Conscientious objection in the UK first came to the attention for most after the passing of the Military Services Act 1916. This legislation allowed for the conscription of certain categories of men into the military. The enactment of this law enabled men to be forcibly coerced into military service regardless of their personal and individual aspirations. Subsequent to this, further legislation was passed (Military Training Act 1939, National Service (Armed Forces) Act 1939, National Service Act 1948) continuing this system of coercive enlistment into the military. By default, such legislation also laid the foundations for conscientious objection; after all, without such coercion there is no need to register dissent, simply don’t enlist in the military.

During WWI (and for some considerable time after) Conscientious Objectors [COs] were bullied, cajoled, ridiculed and stigmatised, not to mention, incarcerated, multiple times. In one horrific incident it was alleged that COs were driven to the trenches of France and threatened with a firing squad if they did not comply. Despite this type of treatment the vast majority of COs continued to resist, strongly suggesting that their conscience, moral compass or faith was far stronger than anything the state could throw at them.

In the UK the individual and collective dilemma of the conscientious objector has largely faded into history; although the same cannot be said internationally (for instance; Greece, Israel and the USA). However, their very existence and that of other non-conformists (at different times and places) raises questions around the purpose and supposed effectiveness of incarceration.  In essence; what do we do when the “deviant” refuses to conform, how far are we prepared to go, as a society to punish the incorrigible and persistent offender and what do we do when nothing seems to work?

We could attempt the practices used with the WWI COs and keep convicting whilst ratcheting up the tariff of their sentence each time. However, we know from their experiences that this appeared to consolidate their objections and harden their resolve. We can try and talk to individuals in order to help them see the “errors of their ways” but given the conviction held by COs, that the war was fundamentally at odds with their belief system, this is also likely to fail. We could try punishment in the community, but for many of the COs anything which they felt compromised their standpoint was equally resisted, making any such approach also likely to be unsuccessful.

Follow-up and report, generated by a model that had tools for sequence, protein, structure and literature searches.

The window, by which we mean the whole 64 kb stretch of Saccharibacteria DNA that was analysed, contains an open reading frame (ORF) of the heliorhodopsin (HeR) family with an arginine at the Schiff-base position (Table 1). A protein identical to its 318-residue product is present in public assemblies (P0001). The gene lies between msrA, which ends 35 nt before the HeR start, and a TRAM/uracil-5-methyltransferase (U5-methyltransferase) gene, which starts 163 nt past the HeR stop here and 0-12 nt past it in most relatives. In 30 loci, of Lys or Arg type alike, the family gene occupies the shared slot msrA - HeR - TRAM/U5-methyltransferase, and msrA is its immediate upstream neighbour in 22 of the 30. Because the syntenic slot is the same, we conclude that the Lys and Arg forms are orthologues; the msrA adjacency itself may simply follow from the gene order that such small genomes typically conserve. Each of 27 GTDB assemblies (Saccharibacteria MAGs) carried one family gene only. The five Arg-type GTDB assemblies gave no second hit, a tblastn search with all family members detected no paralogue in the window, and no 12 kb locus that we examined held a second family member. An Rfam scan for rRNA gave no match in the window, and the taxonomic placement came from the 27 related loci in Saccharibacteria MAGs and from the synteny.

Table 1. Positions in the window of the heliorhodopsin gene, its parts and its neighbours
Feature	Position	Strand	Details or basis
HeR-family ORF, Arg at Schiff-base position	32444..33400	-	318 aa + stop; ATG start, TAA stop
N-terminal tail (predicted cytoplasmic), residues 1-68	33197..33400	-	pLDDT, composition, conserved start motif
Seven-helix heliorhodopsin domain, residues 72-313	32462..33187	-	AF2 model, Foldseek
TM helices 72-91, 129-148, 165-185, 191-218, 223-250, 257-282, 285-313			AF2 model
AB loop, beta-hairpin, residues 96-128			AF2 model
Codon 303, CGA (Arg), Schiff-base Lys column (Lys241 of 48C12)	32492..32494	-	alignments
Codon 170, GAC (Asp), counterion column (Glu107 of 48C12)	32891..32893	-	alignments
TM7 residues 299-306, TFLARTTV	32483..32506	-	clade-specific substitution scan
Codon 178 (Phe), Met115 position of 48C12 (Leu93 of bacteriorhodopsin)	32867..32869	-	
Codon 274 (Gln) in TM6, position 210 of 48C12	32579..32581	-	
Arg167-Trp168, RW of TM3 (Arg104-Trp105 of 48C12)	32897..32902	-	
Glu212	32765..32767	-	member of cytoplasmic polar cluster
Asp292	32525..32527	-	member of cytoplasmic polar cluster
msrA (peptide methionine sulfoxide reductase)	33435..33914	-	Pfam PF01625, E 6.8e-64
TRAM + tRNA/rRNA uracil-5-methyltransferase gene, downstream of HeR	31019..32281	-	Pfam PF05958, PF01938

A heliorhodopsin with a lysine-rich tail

Although the “problem” of the COs no longer exists in 21st century Britain, other individuals and groups have filled the space they have vacated. We could replace the COs with the Black civil rights movement (think Rosa Parks or Martin Luther King) or other protests (think “Tank Man” in  Tiananmen Square or Ieshia Evans in Baton Rouge) or those deemed traitors by many (as were the COs) , such as Chelsea Manning, Julian Assange and Edward Snowden. The question remains: is it possible to rehabilitate the heart and mind of someone who is so clear as to their moral standpoint and committed to doing what they perceive to be “the right thing”?